NANDINI VAIDYANATHAN shares her thoughts on the hits and misses of India’s startup story
The years between 2010 and 2015 were abuzz with the glamour and excitement of entrepreneurship. Home-grown Indian brands were aiming for the unicorn goal post and according to a Credit Suisse India Market Strategy Report, there were more than 100 unicorns in India, many of which had started operations after 2005. The report said that because of increased availability of capital, improved infrastructure and ease of doing business, many young startups had managed to scale successfully.
My biggest peeve with the entrepreneurship space has been that it is a lot of high-faulting talk and less of ground performance. It is not just the entrepreneurs but every single stakeholder of the system who has contributed to the hype
A startup is called a unicorn if it is privately held and has a valuation of over $ 1 billion. By this definition, it wasn’t necessary to be an IT or an ITES company to qualify as a unicorn. Along with the usual suspects, there were stars from manufacturing, healthcare, retail and pharmaceuticals. In 2015, in the IT space, there were 8 unicorns – Flipkart, Snapdeal, Ola, InMobi, Paytm, Quikr, Zomato and MuSigma and 5 out of this were Bangalore-born.
All of this made PM of India, Narendra Modi inaugurate the Startup India initiative on 16 January 2016 ‘to create a powerful and dynamic environment for startups that foster innovation by supporting them financially’.
In a matter of 5 years, under the Startup India programme, startups in the country increased from around 400 to 1.18 lakh. So in 2022, the PM officially declared 16th January as National Startup Day and the theme for this year is ‘Celebrating 8 years of Innovation’.
The official website of Startup India says, “Startup India initiative has played a pivotal role in shaping the startup ecosystem in India. Multiple initiatives like the Seed Fund Scheme, Fund of Funds Scheme, Credit Guarantee Scheme for Startups, MAARG mentorship platform, National Startup Awards, State Ranking Framework are some of the key pillars driving the spirit of entrepreneurship.”
So far, the Indian government has given 2,977 income tax exemptions and provided 3,658 startups with funds under the SIDBI Fund of Funds scheme, established in 2016 with a corpus of Rs.10,000 crore. The scheme also gives capital to Alternative Investment Funds (AIFs) registered with SEBI. These funds invest money in startups through equity and equity-linked instruments.
According to the official website, there are now 118950 startups, 894 mentors, 1054 incubators, 89 investors, and 202
Accelerators across the country. India is now the 3rd startup hub globally.
In absolute terms, these numbers look impressive but if you take into account the size of our population, it falls miserably short of expectation by any yardstick. The government’s intent to encourage youngsters to embrace entrepreneurship as opposed to seeking employment hasn’t translated into anything meaningful going by the number of incubators and accelerators. Whilst it lists 894 mentors, which in itself is a measly number, it doesn’t indicate the profile of these mentors. In my experience, in India, anybody who gives advice is called a mentor and mentors neither have entrepreneurial experience nor P&L experience in corporates. Again in my experience, startup entrepreneurs have wonderful ideas and do not need so much handholding in product development as much as they need in building the business around their ideas.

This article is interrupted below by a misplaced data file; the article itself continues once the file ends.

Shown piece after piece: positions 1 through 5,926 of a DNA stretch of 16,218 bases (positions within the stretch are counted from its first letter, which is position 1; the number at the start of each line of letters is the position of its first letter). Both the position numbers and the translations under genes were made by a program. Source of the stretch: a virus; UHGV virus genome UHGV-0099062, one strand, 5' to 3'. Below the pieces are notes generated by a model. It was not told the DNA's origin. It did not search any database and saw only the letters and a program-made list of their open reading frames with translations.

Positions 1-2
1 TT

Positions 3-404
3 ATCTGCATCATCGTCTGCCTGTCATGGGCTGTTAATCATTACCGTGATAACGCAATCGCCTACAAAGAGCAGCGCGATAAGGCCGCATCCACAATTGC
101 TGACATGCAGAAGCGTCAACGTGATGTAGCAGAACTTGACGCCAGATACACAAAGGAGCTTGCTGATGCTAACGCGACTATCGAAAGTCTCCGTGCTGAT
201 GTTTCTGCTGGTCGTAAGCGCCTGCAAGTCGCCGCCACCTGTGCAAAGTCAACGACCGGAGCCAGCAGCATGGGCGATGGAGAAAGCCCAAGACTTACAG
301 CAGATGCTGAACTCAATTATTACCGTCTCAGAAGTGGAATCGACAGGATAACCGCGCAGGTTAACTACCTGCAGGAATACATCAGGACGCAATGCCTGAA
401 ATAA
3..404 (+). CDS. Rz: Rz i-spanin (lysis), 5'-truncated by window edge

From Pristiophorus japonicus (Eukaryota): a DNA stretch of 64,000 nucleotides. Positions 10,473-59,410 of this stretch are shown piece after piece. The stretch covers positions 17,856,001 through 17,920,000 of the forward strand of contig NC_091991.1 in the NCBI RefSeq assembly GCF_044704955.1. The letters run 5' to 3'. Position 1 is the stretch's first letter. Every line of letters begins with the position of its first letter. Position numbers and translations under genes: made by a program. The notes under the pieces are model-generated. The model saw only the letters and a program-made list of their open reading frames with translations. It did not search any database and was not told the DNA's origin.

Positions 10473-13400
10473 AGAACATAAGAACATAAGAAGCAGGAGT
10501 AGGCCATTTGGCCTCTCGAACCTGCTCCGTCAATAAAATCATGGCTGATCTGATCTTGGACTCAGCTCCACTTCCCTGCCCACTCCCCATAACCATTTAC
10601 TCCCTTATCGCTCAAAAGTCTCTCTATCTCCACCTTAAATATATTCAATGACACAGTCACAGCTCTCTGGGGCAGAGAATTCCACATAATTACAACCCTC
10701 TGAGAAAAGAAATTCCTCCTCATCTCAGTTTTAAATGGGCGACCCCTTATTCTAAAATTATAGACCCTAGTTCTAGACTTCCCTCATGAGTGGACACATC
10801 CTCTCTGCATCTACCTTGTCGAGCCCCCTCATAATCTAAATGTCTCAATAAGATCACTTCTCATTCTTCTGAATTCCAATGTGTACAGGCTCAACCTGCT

Also, under this program, there is no monitoring of the performance of the startups on a regular basis. Once they are registered and become a statistic, they fall off the radar. So some meaningful data in terms of how these startups are faring, and if they continue to be aligned in their performance to their business plans seems singularly missing.
My biggest peeve with the entrepreneurship space has been that it is a lot of high-faulting talk and less of ground performance. It is not just the entrepreneurs but every single stakeholder of the system who has contributed to the hype. Wake-up calls when a unicorn loses its valuation by 90 percent happens and for a moment everyone shakes his head but once the dirge call becomes weak, it is business as usual in this world – big numbers, big talk, big dreams, with no stellar report card to justify it.
To my mind, for the Startup India initiative to have a meaningful outcome, the following steps (not an exhaustive list by any means, but key ones) need to be taken by the government:
- Hand over the initiative to the private sector to manage it.
- Create a think tank on rotation basis that will infuse new ideas, monitor performance metrics and create global network of all the stakeholders in the system for the entrepreneurs to access and benefit from.
- Be ruthless in choosing startups that qualify for registration. Don’t just look at ideas, look at the reason why the founders have become entrepreneurs.
- Be equally ruthless in monitoring performance and eliminating the joy-riders.
- Make it mandatory that every business school and every engineering college should have an incubator.
- Let these schools be evaluated on the basis of the alumni graduating successfully from the incubator.
- Continuously offer courses to upskill the entrepreneurs through online programs, exchange fellowships, workshops and interactions.
- Let each state run its own program under the broad guidelines of the central one, but encourage cross-pollination among states.
We have a long way to go. I know it feels good when we take the first step and we are prone to gloating. But the initiative’s success also depends on whether its own performance report is aligned to its vision in practice. That is a reality check no one can ignore.